Figs. 17-19 show a further variation of the invention constructed so that, after the initial opening, and when the sealing part is in its closing position, pressure on the contents of the tube will have a tendency to spread the walls of the closure member so as to cause the sealing part or cap to be held more tightly thereon. In these figures, the neck of a tube is shown at 100, the closure member is shown at 101, and a thin wall sealing the dispensing channel in the closure member prior to the initial placing in use is shown at 102. A sealing part or cap 103 is connected to the closure member 101 by means of a flexible, integral connection 104.

It will be noted that the closure member 101 extends a substantial distance in the axial direction beyond the tip in neck .100, and that this portion of the closure memher is provided with a convex inner wall configuration, as shown at 105. The exterior surface of this portion of the closure member is cylindrical, and, in the embodiment shown in Fig. 17, is provided with an annular ridge 106 which assists in providing a tight fit with cap 103 and to assure a good seal and minimize the possibility of accidental dislodgment of cap 103 from its sealing position. Variations of this ridge 106 are shown in Figs. 18 and 19, there being two ribs 107 on the interior lateral wall of the cap 103 in Fig. 18, and there being a single rib 107 cooperating with a mating groove in the lateral side wall of the closure member 101 in the emhodimcnt of Fig. 19. In addition, the embodiment of Fig. .9 includes a tab 108 located on the outer lateral wall of cap 103 diametrically opposite the point of attachment thereto of flexible connection 104. This tab provides a convenient grip for removal of the cap from its sealing position.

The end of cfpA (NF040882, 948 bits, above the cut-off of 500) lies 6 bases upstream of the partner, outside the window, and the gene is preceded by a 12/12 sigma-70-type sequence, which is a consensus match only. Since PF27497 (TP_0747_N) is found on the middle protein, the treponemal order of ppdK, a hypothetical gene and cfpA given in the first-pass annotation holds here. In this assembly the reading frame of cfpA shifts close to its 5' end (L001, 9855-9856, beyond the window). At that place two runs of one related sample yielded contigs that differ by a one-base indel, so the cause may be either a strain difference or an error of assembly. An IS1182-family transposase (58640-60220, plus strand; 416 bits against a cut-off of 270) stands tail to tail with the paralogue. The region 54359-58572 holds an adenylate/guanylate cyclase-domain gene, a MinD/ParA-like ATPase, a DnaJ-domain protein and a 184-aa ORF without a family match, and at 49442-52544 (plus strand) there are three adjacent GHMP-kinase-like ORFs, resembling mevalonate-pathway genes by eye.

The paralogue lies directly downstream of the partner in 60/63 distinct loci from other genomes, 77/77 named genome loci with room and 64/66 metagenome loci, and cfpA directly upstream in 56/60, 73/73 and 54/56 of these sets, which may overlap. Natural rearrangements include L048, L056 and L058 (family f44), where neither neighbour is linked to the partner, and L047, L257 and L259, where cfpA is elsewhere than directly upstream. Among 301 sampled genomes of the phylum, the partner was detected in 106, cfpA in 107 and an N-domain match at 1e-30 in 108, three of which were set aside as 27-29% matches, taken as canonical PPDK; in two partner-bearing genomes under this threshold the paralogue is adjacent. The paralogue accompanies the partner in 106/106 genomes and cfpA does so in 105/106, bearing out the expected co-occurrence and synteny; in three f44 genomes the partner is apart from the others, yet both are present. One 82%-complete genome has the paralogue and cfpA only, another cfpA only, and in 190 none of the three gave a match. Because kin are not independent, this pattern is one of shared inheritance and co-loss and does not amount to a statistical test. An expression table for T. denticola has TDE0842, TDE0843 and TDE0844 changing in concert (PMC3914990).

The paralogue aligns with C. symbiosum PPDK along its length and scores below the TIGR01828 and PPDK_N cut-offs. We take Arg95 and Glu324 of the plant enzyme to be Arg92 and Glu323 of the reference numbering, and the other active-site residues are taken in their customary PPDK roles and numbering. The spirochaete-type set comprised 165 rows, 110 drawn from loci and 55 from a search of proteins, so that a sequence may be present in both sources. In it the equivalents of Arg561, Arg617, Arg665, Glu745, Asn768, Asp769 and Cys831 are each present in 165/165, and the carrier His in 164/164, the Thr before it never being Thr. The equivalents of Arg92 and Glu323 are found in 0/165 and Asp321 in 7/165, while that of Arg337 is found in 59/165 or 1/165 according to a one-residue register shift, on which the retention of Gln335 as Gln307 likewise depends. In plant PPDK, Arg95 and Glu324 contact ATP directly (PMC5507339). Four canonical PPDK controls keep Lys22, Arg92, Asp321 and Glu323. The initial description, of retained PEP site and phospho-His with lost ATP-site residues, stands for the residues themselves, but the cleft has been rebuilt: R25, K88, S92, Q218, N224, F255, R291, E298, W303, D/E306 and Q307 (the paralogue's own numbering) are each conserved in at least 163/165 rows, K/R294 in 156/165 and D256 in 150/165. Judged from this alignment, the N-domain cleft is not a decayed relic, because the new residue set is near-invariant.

The thin wall 102 in Fig. 17 is adapted to be ruptured and removed as in the case of the other embodiments at the time of the initial placing in use, and in Fig. 19, the sealing wall has been removed.

In the embodiments of Figs. 17-19, after sealing wall 102 has been removed and cap 103 is in sealing position,

as shown in Fig. 19, any increase in the pressure in the contents of the tube which might, with an ordinary type of closure, tend to push the cap loose, would result in a more secure holding of the cap in place. This results from the increase in pressure against the lateral, interior walls of the closure, whereby these walls are forced outwardly slightly, thus increasing the tightness of the fit of the cap 103, and also increasing the locking effect of ridges 106, 107, and the like, whether or not these ridges are used with correspondingly located grooves.

In use of this form of the invention, the mpturable wall 102 is pulled or cut away at the time of initial placing in use, and the scaling part 103 is used thereafter. The closing and opening of the sealing part is facilitated by means of tab 108.

In the various embodiments of the invention shown above, the particular construction shown have been given in an illustrative and exemplary sense, and not in a limit ing sense, and I wish it to be understood that variations of these embodiments may be carried out without depart ing from the inventive concept. It is my intention to cover by my patent all variations of the invention falling within the scope of the invention as defined by the appended claims.

I claim:

1. A dispensing closure for fluent material-containing receptacles, said closure comprising a body of flexible material capable of being molded, said body having a thin deformable wall portion, a hollow nipple integrally formed with said body and projecting therefrom and adapted to have an end orifice, a member for closing the orifice end of said nipple, and a thin strip secured to said body on which said closing member is secured.